Association between primary headaches and temporomandibular disorders: A systematic review and meta-analysis

Jéssica Conti Réus, Helena Polmann, Beatriz Dulcineia Mendes Souza, Carlos Flores-Mir, Daniela Aparecida Godói Gonçalves, Luiz Paulo de Queiroz, Jeffrey Okeson, Graziela De Luca Canto

Research output: Contribution to journalReview articlepeer-review

2 Scopus citations

Abstract

Background: The primary objective of this systematic review was to answer the following question systematically: Is there any association between primary headaches (PHs) and temporomandibular disorders (TMDs) in adults? Types of Studies Reviewed: The protocol was registered with the International Prospective Register of Systematic Reviews. The authors performed the search in 6 main databases and 3 gray literature sources. The included articles had to have adult samples. PHs must have been diagnosed using the International Classification of Headache Disorders, and TMDs must have been diagnosed using Research Diagnostic Criteria for Temporomandibular Disorders, Diagnostic Criteria for Temporomandibular Disorders, or International Classification of Orofacial Pain. Risk of bias was evaluated using the Joanna Briggs Institute Meta-Analysis of Statistics Assessment and Review Instrument tools. The meta-analysis was performed using Review Manager software, Version 5.4. Certainty of evidence was screened according to Grading of Recommendations Assessment, Development and Evaluation. Results: Nine of 2,574 articles reviewed met the inclusion criteria for qualitative analysis and, of these, 7 met the inclusion criteria for quantitative analysis. Odds ratios (ORs) for painful TMD and tension-type headache (OR, 1.94 [95% CI, 0.56 to 6.76] to OR, 7.61 [95% CI, 1.84 to 31.48]), migraines (OR, 4.14 [95% CI, 1.38 to 12.43] to OR, 5.44 [95% CI, 3.61 to 8.21]), and chronic headaches (OR, 40.40 [95% CI, 8.67 to 188.15] to OR, 95.93 [95% CI, 12.53 to 734.27]) were calculated. Articular TMDs without pain were evaluated in 2 articles, and both did not show positive association with tension-type headache nor migraine. Three studies were classified as moderate risk of bias and 6 as low risk of bias. The certainty of evidence varied between very low and low. Conclusions and Practical Implications: Recognizing the positive association between painful TMD and PHs can help dentists and physicians treat the pain and avoid it, or recommend the patient to a specialist.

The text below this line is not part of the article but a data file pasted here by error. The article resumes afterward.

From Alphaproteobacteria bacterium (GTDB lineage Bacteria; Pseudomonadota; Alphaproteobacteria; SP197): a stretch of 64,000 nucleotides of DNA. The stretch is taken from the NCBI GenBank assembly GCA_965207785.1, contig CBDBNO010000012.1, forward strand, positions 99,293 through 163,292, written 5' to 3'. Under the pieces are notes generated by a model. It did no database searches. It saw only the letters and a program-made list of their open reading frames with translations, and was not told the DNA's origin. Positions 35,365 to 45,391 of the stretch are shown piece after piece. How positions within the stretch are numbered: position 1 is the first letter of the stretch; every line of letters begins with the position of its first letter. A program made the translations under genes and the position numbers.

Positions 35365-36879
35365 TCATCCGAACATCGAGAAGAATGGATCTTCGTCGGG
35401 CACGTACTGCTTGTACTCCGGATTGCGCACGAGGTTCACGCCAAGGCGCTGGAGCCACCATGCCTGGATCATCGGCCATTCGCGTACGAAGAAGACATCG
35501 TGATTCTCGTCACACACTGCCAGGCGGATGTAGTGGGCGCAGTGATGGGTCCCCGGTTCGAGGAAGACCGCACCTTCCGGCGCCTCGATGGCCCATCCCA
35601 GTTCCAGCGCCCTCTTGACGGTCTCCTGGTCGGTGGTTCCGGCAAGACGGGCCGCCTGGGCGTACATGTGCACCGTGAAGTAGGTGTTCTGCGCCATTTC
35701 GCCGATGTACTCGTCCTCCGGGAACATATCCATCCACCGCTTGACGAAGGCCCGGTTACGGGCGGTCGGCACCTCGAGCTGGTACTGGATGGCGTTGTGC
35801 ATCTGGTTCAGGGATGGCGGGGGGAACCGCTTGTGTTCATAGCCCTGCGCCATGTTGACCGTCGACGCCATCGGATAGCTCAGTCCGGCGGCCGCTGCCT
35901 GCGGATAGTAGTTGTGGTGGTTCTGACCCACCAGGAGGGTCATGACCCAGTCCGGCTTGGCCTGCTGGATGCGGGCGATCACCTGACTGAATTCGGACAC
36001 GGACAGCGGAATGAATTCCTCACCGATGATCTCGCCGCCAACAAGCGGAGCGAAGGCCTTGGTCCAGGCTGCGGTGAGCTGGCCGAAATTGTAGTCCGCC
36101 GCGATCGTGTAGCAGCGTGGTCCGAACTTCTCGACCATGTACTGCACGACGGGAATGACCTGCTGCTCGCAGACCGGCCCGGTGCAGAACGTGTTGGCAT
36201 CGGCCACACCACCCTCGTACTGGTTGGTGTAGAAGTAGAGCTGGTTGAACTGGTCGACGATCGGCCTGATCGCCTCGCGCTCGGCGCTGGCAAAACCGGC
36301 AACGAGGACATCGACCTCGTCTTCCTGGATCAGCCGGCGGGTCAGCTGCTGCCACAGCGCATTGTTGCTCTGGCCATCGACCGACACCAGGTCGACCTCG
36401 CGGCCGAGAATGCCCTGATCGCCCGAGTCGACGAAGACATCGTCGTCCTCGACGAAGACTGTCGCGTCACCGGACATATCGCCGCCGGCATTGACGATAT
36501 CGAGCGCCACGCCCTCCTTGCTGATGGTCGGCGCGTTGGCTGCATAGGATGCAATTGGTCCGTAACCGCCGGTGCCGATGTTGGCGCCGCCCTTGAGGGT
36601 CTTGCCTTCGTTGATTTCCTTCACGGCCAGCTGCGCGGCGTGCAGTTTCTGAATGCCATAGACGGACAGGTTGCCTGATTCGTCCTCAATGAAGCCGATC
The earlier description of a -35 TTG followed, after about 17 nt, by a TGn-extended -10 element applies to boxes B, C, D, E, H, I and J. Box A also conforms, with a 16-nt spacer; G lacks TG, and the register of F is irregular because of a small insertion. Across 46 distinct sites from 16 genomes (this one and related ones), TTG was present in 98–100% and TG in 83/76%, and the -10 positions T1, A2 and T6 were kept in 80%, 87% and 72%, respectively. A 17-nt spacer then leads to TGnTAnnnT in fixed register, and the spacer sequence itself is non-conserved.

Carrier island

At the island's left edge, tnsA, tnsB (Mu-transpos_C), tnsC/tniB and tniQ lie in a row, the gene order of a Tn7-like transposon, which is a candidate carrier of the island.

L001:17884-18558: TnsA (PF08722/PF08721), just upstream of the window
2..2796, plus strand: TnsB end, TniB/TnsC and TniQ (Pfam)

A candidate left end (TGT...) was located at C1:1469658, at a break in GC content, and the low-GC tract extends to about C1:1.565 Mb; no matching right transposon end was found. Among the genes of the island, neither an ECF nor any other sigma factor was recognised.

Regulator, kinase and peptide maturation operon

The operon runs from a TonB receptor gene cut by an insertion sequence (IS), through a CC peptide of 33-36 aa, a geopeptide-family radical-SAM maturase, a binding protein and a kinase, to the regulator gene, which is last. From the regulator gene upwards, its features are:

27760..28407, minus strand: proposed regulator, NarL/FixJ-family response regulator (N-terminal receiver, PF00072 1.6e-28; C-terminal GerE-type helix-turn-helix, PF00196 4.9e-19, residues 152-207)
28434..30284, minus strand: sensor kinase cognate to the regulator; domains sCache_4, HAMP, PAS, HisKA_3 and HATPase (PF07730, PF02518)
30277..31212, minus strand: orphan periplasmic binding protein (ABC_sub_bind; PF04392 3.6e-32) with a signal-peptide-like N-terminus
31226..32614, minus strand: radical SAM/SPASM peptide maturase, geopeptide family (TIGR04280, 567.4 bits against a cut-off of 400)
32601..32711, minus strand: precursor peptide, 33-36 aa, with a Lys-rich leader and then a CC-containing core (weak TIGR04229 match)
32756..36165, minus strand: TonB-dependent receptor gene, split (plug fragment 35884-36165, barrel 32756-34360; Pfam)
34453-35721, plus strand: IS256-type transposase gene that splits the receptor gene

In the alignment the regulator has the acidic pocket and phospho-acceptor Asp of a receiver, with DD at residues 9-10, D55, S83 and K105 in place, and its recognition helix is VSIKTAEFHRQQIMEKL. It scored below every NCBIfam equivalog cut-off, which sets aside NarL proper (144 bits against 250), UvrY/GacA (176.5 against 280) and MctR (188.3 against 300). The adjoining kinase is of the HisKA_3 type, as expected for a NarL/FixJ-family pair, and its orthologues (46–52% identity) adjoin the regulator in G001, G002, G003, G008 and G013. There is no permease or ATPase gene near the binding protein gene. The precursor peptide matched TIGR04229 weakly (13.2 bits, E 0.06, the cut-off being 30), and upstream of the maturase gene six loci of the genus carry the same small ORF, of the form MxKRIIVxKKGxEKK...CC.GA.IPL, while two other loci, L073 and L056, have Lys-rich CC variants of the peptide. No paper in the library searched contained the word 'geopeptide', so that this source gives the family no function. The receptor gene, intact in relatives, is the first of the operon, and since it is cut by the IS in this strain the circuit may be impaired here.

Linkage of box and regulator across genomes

Original languageEnglish
Pages (from-to)120-131.e6
JournalJournal of the American Dental Association
Volume153
Issue number2
DOIs
StatePublished - Feb 2022

Bibliographical note

Publisher Copyright:
© 2022 American Dental Association

Keywords

  • Headache disorders, primary
  • migraine disorders
  • systematic review
  • temporomandibular disorder
  • tension-type headache

ASJC Scopus subject areas

  • Dentistry (all)

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